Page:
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Hartford Accident and Indemnity Co. v. Lin

Words & Phrases

Underinsured Motorist Coverage: Arbitration

Trial Judge

Matthew F. Kennelly

Appellate Judge

Doris L. Pryor


UIM arbitration clause did not apply to plaintiffs bad faith claim for insurer's purported failure to settle claim within set time frame.

Fact Summary

Underinsured Motorist Coverage:  Setoff                   

Policy limit was properly reduced by workers' compensation benefits and settlement amount received by the policyholder in his state-court action against underlying tortfeasor.


Zhen Feng Lin was in a car accident while working as a food delivery driver for Win Win Seafood Wholesale, LLC in 2017. Lin sustained serious injuries in the collision, but the at-fault driver, Katherine Chickey, was underinsured. Lin—along with his wife, Li Chen, who brought a loss of consortium claim—settled with Chickey in a state-court suit for her insurance policy limits of $100,000. Lin also received workers' compensation benefits from his employer's workers' compensation insurance carrier, Hartford Fire Insurance Company ("Hartford Fire"). Lin then sought to recoup his additional losses under his employer's underinsured motorist policy, provided by Hartford Accident and Indemnity Company ("Hartford Accident").

Hartford Accident's underinsured motorist policy is meant to cover the difference between what an insured employee is legally entitled to recover from the at-fault driver for bodily injuries sustained in an accident, and what the at-fault driver is able to pay, up to $1 million. Unless the parties  reach a "settlement agreement," as defined by the policy, the amount recovered by the insured shall be reduced by any sums "paid or payable" by anyone legally responsible for the insured's injuries or under any workers' compensation.

Lin submitted a demand of $900,000 to Hartford Accident, for what he believed to be a "policy-limits demand," subtracting the $100,000 that he had already received from Chickey in the settlement. Hartford Accident rejected the demand. It contended that the policy limit should be further reduced to account for the money Lin had received in workers' compensation. With that calculation in mind, Hartford Accident counteroffered to settle at $100,000.

Lin declined the counteroffer, which he said was so low that it had to have been made in bad faith. Lin also argued that Hartford Accident's reduction of the policy limits was incorrect because there had been a settlement agreement between the parties. Moreover, Lin maintained that Hartford Accident did the math wrong. He argued that the amount he paid to resolve the workers' compensation lien—$73,320.72—should be credited to him, and not deducted from the policy limits.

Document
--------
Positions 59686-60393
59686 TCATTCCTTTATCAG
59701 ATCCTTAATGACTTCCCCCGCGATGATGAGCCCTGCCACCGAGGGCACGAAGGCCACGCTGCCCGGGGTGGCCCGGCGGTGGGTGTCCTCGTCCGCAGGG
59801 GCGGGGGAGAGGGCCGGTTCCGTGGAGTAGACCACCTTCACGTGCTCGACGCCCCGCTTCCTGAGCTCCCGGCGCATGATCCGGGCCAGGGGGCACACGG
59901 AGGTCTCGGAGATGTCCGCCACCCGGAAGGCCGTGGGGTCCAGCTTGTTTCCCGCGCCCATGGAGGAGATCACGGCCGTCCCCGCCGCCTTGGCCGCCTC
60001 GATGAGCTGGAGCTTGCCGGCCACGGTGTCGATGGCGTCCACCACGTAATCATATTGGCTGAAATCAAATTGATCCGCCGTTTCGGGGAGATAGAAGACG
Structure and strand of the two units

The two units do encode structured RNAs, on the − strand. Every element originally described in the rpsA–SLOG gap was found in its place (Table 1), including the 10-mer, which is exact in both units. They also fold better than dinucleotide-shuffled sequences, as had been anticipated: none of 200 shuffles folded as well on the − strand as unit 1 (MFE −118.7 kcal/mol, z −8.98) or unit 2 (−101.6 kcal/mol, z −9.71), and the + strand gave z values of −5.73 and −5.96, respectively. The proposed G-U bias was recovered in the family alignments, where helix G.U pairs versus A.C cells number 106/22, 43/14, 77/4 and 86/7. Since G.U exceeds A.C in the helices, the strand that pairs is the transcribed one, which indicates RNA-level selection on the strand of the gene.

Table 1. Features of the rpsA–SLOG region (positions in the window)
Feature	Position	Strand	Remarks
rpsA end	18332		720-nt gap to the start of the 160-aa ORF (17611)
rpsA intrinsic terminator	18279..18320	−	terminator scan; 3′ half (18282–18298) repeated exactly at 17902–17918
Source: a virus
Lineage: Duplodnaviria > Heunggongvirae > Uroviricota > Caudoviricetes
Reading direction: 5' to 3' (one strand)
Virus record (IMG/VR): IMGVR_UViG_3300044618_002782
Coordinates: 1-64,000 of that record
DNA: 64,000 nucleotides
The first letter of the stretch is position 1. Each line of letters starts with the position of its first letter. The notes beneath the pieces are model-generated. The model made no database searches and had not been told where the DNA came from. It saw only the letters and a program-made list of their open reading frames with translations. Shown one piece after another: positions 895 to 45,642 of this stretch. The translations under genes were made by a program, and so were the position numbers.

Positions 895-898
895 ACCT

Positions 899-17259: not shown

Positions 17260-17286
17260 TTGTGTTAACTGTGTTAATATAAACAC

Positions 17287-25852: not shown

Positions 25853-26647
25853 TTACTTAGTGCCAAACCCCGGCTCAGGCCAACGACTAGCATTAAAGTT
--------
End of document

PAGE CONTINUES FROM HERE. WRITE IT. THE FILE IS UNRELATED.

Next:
Because of this impasse, Hartford Accident filed a complaint seeking a declaratory judgment in the Northern District of Illinois to resolve the extent of its liability to Lin. Before filing an answer, Lin asked the district court to stay or dismiss the lawsuit in favor of arbitration. In support, he pointed to the arbitration clause in Hartford Accident's insurance policy:

  • If we and an "insured" disagree whether the "insured" is legally entitled to recover damages from the owner or driver of an "underinsured motor vehicle" or do not agree as to the amount of damages that are recoverable by that "insured", then the matter may be arbitrated. However, disputes concerning coverage under this endorsement may not be arbitrated.

Under this provision, Lin argued, the parties agreed to arbitrate not only the subject of Hartford Accident's complaint—the extent of the workers' compensation setoff—but also whether Hartford Accident acted in bad faith in dealing with his claim. The district court denied the motion.

Following the court's ruling on the motion to stay, Lin filed his answer asserting various counterclaims, including one for bad faith. Hartford Accident then moved for summary judgment arguing that because there was no "settlement agreement" between Lin and Hartford Accident, the policy limits in this case should be offset by both the Chickey settlement and Lin's total workers' compensation award.

Under the terms of Hartford Accident's underinsured motorist policy, the district court determined, both the $100,000 settlement and Lin's $301,259.90 workers' compensation award should be deducted from the policy limits. Next, the district court ordered the parties to arbitrate the issue of Lin's damages.

Lin was not done with the lawsuit, though. In May 2022, Lin filed an amended counterclaim alleging that Hartford Accident breached its contract and acted in bad faith in unreasonably drawing out the process of paying out his claim.